Level 3 59.9

Level 4 90.1

Total 88.4

5.4 How are home care packages funded?

Australian Government financial assistance for home care packages provided under the Act is paid to service providers as a contribution to the cost of providing care. The Minister determines the rates for home care subsidies and supplements to apply from 1 July of each year. The current rates of payment can be found on the Current Australian Government Subsidies and Supplements site on the Department’s website

8 .

8 Department of Social Services website (www.dss.gov.au/our-responsibilities/ageing-and-aged-care/aged-care-funding/aged-care-subsidies-and-supplements/aged-care-subsidies-and-supplements-new-rates-of-payment-from-1-july-2014) (at the time of publication).

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What the Government pays

The Australian Government’s expenditure on home care packages increased from $1.2 billion in 2012-13 to $1.3 billion in 2013-14, an increase of 9.9 per cent (Table 18).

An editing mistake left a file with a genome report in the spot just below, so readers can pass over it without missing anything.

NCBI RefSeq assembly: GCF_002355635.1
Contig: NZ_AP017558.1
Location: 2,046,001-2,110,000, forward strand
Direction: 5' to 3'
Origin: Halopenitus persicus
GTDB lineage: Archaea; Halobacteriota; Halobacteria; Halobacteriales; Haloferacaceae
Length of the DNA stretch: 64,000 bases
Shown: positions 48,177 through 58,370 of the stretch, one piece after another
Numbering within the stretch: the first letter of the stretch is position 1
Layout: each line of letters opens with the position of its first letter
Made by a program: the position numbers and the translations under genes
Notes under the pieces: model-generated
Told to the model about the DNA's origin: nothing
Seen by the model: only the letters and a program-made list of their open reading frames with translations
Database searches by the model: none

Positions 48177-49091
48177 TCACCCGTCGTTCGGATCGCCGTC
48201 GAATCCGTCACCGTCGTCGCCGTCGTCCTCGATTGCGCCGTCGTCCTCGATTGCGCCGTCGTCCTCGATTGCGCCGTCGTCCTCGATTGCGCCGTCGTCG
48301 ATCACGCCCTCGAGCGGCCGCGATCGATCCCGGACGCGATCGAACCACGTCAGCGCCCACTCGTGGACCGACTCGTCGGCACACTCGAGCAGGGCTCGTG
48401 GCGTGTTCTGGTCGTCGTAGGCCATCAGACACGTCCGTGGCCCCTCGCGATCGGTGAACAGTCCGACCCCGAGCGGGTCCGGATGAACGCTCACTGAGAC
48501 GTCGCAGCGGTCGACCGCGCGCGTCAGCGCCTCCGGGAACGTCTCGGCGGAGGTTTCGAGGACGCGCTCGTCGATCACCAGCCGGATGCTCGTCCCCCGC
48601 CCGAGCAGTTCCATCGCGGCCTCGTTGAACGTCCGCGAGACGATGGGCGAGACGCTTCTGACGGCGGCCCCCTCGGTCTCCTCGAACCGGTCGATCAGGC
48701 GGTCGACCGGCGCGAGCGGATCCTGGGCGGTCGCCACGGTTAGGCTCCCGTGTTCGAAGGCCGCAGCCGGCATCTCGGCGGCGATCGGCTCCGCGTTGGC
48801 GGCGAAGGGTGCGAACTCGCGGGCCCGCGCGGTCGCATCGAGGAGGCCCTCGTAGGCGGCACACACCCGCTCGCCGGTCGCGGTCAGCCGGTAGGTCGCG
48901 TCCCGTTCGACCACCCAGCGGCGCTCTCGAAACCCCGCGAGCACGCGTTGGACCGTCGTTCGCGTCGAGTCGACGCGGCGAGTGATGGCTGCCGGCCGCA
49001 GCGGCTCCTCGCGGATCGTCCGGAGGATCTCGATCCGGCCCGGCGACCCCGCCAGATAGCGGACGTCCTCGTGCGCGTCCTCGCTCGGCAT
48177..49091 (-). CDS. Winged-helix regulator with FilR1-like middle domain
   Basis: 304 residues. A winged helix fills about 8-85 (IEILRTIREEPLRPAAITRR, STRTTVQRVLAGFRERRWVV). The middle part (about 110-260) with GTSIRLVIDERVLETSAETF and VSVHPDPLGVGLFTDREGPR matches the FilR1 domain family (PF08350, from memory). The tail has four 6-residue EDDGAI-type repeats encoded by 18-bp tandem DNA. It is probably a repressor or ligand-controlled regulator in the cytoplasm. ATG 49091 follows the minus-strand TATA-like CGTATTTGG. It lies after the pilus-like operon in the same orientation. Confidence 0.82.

TABLE 18: AUSTRALIAN GOVERNMENT EXPENDITURE FOR HOME CARE PACKAGES, 2009-10 TO 2013-14, BY STATE AND TERRITORY

State/Territory 2009-10 $m 2010-11 $m 2011-12 $m 2012-13 $m 2013-14 $m

Increase:

2012-13 to

2013-14

NSW 275.6 294.9 329.7 352.2 383.1 8.8%

Vic. 209.9 226.3 257.7 275.4 299.9 8.9%

Qld 132.3 154.4 201.2 219.3 246.6 12.5%

WA 76.2 93.5 129.1 153.6 174.9 13.8%

SA 69.8 73.2 76.2 83.8 88.7 5.9%

Tas. 22.9 24.8 27.0 29.2 29.0 -0.4%

ACT 14.3 15.1 21.6 25.6 29.5 15.2%

NT 13.2 14.3 15.8 17.6 19.2 9.2%

Australia 814.3 896.5 1,058.2 1,156.6 1,270.9 9.9%

What consumers pay

Consumers prior to 1 July 2014

Home care recipients also contribute to the cost of their care. While the Australian Government does not set the fees that home care recipients are asked to pay, it does set a maximum level for the daily fees that providers may ask care recipients to pay. Fees must be negotiated and agreed upon by both the care recipient and the service provider.